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How is partnership income taxed?

        Money | Taxes

Having a business partnership brings up a number of tax questions.
Having a business partnership brings up a number of tax questions.

Powerful partnerships are the stuff the American economy is made of. Where would we be if Bill Gates and Paul Allen didn't meet up? Apple would probably have rotted without both Steves (Jobs and Wozniak). And clearly none of us would have any interest in eating Jerry's ice cream. (Bad example; I'll take the ice cream.)

But for every super famous and successful partnership, there are thousands of small business partners working to start up or maintain a functional enterprise. And it's not just responsibilities you're splitting – your spoils (or lack thereof) must be properly recorded and attributed to the Internal Revenue Service. Surprise, surprise – that isn't as simple as just splitting the check down the middle, like so many Chili's tabs.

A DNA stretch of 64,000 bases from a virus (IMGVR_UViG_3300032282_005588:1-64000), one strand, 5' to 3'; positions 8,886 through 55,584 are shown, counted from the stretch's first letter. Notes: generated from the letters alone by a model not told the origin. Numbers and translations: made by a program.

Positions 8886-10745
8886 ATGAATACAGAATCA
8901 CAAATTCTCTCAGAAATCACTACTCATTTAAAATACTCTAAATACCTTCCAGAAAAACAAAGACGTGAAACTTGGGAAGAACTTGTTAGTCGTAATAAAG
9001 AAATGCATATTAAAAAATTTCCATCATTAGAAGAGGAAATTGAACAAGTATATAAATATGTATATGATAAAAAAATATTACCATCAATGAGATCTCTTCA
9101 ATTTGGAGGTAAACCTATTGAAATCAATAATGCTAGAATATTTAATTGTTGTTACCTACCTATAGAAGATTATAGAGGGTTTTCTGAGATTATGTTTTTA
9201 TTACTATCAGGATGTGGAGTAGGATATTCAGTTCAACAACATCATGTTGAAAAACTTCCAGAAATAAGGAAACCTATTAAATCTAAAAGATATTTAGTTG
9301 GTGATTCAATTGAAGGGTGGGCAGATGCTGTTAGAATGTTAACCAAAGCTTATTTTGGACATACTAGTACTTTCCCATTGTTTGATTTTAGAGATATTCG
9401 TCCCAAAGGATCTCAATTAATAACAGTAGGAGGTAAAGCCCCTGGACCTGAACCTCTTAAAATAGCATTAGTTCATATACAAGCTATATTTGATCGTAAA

For an organization that loves a complicated term, the IRS has a pretty easy, matter of fact way of describing how financials are reported for partnerships. It's called a "pass-through," which means that any profits or losses are passed through to the partners, and they have to record their share of income on their individual tax returns [source: IRS].

Of course, not all partnerships are totally equal, and they might include more than just two people. For that reason, you can split the income or loss any way you like. This is where it helps to have a written agreement detailing who gets what, but even if you don't you'll be required to pay on your own "distributive share," which is basically a default share, set by state law [source: Laurence]. Even if you're not withdrawing your "distribution" of the income (say you're leaving some of your money in the business for future costs), you still have to pay the taxes on your full share.

But don't think because you're paying individual taxes on your business you don't have to declare your partnership to the IRS. A Form 1065 provides some basic information to the IRS so it can make sure you and your partners are not bilking them, and you'll also have to complete a Schedule K-1 for the IRS and all the partners in the business. That details how the profits and losses are shared, which – if you're doing everything right – will then match up to each individual's own tax return.

Some important notes: much like a sole proprietorship, partners need to set aside estimated quarterly taxes since no employer is withholding them from income. Partners are also required to pay self-employment taxes. So partner up – and pay – up.